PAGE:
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On Pluralism, Lies and Mink

A dozen people who apparently think I’m a member of the ALF want to know why I’m writing about this controversial topic and were fearful of commenting publicly. That terrified me but demonstrated the effect the US government has had on our freedom. This, the free world, has become a place where people are afraid to have a discussion about a controversial (un)organization that they don’t even support!

Here’s why I’m writing, and the idea for today came from Bea’s most recent comment: the importance of pluralism. I’ve yet to read an interview or a chapter regarding direct action where the activist says that property damage–or boycotting, for that matter–is the only answer. Every situation is different and requires a different strategy–that’s pluralism. As Steve Best often says (and I’m paraphrasing): We shouldn’t be wedded to one dogma or another. Instead, we should look for what works in different situations. There is no universal rule to cover all situations.

I’m merely interested in thinking critically about an easy target (the ALF). I’ve had all the same preconceptions as everyone else, but the more research I did, the more I discovered I was wrong about a lot of them. One particular fact that many people aren’t aware of, is that many campaigns by the ALF in the UK were successful and put breeders and other exploiters permanently out of business (think of the Greyhound track Ronnie Lee mentioned). It’s not true that exploiters will always replace animals and recover from "attacks." There is often enormous economic impact that forces them out of business.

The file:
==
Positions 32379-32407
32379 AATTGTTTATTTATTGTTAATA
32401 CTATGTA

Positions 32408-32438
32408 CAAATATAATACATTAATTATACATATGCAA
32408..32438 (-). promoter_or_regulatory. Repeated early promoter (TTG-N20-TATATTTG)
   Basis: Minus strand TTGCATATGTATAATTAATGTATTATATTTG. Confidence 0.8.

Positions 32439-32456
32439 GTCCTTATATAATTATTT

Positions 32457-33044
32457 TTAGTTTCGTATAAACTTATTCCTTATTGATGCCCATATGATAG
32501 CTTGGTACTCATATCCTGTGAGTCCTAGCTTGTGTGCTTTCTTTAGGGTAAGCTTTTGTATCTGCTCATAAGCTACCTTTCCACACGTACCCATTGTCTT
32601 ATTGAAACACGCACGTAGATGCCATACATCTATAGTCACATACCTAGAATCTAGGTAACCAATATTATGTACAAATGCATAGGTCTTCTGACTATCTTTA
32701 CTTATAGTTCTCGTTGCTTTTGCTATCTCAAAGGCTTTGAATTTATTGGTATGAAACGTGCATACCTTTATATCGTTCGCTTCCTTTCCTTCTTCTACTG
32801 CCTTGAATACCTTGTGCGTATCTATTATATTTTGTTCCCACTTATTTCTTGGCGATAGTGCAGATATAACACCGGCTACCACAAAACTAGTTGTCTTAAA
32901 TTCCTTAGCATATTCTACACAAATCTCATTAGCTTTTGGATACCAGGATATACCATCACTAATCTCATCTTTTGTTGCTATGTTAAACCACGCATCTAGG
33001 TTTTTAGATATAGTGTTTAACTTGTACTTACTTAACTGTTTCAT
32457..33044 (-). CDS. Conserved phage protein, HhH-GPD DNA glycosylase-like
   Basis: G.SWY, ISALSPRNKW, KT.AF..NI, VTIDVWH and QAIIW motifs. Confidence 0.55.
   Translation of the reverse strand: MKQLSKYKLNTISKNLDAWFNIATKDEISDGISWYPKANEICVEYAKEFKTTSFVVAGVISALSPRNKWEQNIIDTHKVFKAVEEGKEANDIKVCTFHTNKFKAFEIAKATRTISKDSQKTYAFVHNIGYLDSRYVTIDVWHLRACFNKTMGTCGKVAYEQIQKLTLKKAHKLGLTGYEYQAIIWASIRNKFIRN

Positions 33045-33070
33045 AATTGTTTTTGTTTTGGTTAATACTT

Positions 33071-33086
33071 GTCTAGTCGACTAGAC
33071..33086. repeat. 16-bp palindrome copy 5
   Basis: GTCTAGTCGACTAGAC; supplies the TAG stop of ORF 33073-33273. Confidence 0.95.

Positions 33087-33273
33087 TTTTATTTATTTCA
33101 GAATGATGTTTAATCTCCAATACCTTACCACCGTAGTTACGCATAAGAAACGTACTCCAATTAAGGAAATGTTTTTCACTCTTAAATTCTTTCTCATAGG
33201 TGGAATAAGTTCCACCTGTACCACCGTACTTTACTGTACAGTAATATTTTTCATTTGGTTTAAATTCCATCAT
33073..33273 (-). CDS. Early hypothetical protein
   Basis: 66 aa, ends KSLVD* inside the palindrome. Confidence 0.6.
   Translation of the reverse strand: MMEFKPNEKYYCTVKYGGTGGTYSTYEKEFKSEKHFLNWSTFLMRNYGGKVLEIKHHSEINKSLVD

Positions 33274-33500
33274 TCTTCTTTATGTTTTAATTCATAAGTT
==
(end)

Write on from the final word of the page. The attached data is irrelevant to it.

Another fact that we all should have no problem believing, is that when direct action campaigns are reported on in the media, the result is often a pack of lies. One lie I’ve seen on blogs (including my own) in comments and posts (and I by no means think the author of the post or comment is aware that what they write is not true), pertains to the mink liberation effort in 1997 in Ontario. The common comment is that the activists "liberated" the mink only to have them all die overnight, by starvation, getting hit by cars and freezing to death, and because they were raised in captivity they didn’t stand a chance when liberated (specifically, they contracted stress-induced pneumonia as a result of being liberated).

In Gary Yourofsky’s essay "Abolition, Liberation, Freedom: Coming to a Fur Farm Near You" in Terrorists or Freedom Fighters? Mr. Yourofsky, who was part of the mink liberation effort, writes:

Let’s look at the facts. (1) Mink are clothed in natural fur coats that make it impossible for them to freeze to death; also note that the Ontario raid took place not in the dead of winter, but in April. (2) It takes several weeks for a mink to starve to death. It cannot happen overnight. . . . . (3) Mink do not spontaneously contract pneumonia or stress when they are not in cages. Being kept in a cage for your entire life causes stress and neurosis. Freedom is the cure for cage-induced stress and neurosis. (4) There are no cars on rural roads at three in the morning, except for those of fur farmers and police who are trying to recapture the liberated mink. . . . According to the fur industry, 400 mink instantly died after my Easter Sunday raid. Yet, on my request, the lawyers asked them to provide proof . . . . [W]hen I was convicted and sentenced to six months in prison, the furriers brought in photographs of two dead mink who had allegedly died the night of the raid.

That fur farm has since gone out of business.